OR THINGS THAT MAKE ME LOOK BACK ON THREE YEARS AGO, AND MAKE ME FEEL JUSTIFIED
A few years ago, I was doing research on the prosperity gospel, and did a contrast of Joel Olsteen’s Positive Thought Materialism and Rick Warren‘s approach. Although I noted a difference between the two, after reading The Purpose Driven Life, my critique was that Warren’s view of relationships was quite individualistic, to the detriment of those who wish to reproaching social sin. Then, yesterday, he tweeted the reason he refused to give interviews was because he did not want to get involved in politics. This quote affirmed what I argued at
the Wesleyan Theological Society three years ago in 2008 at Duke University.
I direct you to my section on Warren in its entirety:
The prosperity gospel is not limited to the doctrines of positive thought materialism. The prosperity gospel is an accomodationist approach to majority culture’s mores, especially in dealing with economic and racial justice issues. In the name of “cultural relevancy,” conformity becomes a way of life for Christian congregations as opposed to faithfulness to the Gospel. The Reverend Rick Warren’s ministry is a case in point. Warren condemns the message of Olsteen’s positive thought materialism in his popular work, The Purpose Driven Life: ‘What On Earth Am I Here For?: “Possessions only provide temporary happiness. […] The most common myth about money is that having more will make me more secure. It won’t. Wealth can be lost through a variety of uncontrollable factors. Real security can only be found in that which can never be taken from you—your relationship with God” (Warren, 29). He continues, “In God’s eyes, the greatest heroes of the faith are not those who achieve prosperity, success, and power in this life, but those who treat this life as a temporary assignment and serve faithfully expecting their promised reward in eternity (Warren, 51).
At first glance, Warren and Olsteen share a common view of the Creator: God, for them, is highly relational and desires to have fellowship with individuals who trust in Jesus. Rick Warren, unlike Olsteen, describes a definition of the mission of the Christian community, local congregation, after emphasizing God’s plan for our personal lives. Warren is a proponent of the Baptist ecclesiology, which gives primacy to local congregations: “Your local fellowship is the place God designed for you to discover, develop, and use your gifts. You may also a wider ministry, but that is in addition to your service in a local body. Jesus has not promised to build your ministry; he has promised to build his church” (Warren, 135). Warren’s ecclesiology, just like his creation theology, is highly relational; the purpose of the local church is to enjoy real fellowship in authenticity, mutuality, sympathy, and mercy (Warren, 139-143).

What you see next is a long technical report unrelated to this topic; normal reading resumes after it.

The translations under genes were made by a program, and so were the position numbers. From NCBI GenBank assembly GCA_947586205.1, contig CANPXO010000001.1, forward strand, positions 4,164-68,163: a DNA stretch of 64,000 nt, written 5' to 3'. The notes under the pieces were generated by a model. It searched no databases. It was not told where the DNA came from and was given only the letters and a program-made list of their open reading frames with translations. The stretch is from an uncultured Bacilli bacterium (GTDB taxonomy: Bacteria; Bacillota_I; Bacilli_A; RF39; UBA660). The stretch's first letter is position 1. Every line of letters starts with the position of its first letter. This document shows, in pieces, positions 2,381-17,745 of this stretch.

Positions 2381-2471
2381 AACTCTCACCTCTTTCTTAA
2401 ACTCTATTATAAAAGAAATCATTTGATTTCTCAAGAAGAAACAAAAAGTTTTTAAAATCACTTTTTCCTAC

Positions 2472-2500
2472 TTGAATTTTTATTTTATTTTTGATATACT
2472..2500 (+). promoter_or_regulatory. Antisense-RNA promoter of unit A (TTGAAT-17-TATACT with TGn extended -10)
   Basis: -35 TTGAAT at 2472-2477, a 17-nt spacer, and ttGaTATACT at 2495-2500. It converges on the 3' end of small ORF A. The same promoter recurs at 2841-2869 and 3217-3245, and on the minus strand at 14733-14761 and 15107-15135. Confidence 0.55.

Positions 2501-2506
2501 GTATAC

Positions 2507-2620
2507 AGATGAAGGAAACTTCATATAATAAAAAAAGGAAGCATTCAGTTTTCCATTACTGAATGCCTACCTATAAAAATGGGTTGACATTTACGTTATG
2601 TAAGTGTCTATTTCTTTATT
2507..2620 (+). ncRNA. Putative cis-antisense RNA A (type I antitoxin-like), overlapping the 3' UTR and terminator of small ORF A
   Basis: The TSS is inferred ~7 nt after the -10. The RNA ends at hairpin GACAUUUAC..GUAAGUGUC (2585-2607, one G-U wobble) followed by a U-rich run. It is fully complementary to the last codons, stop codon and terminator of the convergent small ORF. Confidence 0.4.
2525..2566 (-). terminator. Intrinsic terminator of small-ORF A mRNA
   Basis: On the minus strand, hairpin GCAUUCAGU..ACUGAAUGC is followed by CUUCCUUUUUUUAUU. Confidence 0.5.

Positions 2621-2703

Paradoxically, Warren’s ecclesiology, in terms of Christian vocation and spirituality, is highly individualistic because his approach to reaching out to the North American culture appeals to good old fashioned American rugged individualism. He recognizes that human relationships are in need of restoration. However, he privatizes these relationships so that restorative justice is reduced to primarily personal levels. In his chapter entitled “Restoring Broken Fellowship,” social and institutional sins of the church such as racial segregation, economic oppression, as well as the silencing of women are overlooked as iniquities to be repented from. Addressing this matter, James Cone offers a reason for why Warren may have overlooked these social ills (especially in regards to racism).
Whites do not talk about racism because they do not have to talk about it. They have the most of the power of the power in the world—economic, political, social, cultural intellectual and religious. There is little that Blacks and other people of color can do to change the power relations in the churches, seminaries and society. Powerful people do not talk, except on their own terms and almost never at the behest of others. All the powerless can do is to disrupt—make life more uncomfortable for ruling elites. That is why Martin King called the urban riots and Black Power the ‘the language of the unheard’ (Cone, 144).
In light of this reality, Warren is only capable of talking about such social relationships and the nature of social injustice as sin in terms of the abstract. The concrete reality of unjust relationships does not become part of his discussion because his theological language is not apt to describing relationships in terms of power. Warren’s silence on the issues of racial and economic justice is indicative of the silence of many European-American churches that choose to remain quiet while instances such as the hanging of nooses in public spaces continues to occur; thus, churches with predominantly minority members are left to shoulder the burden alone in confronting domestic terrorism.
To read the paper in its glorious entirety, go to this link via ACADEMIA.EDU.
I believe that the paper is a foreshadowing of my current research interests: economics and theology.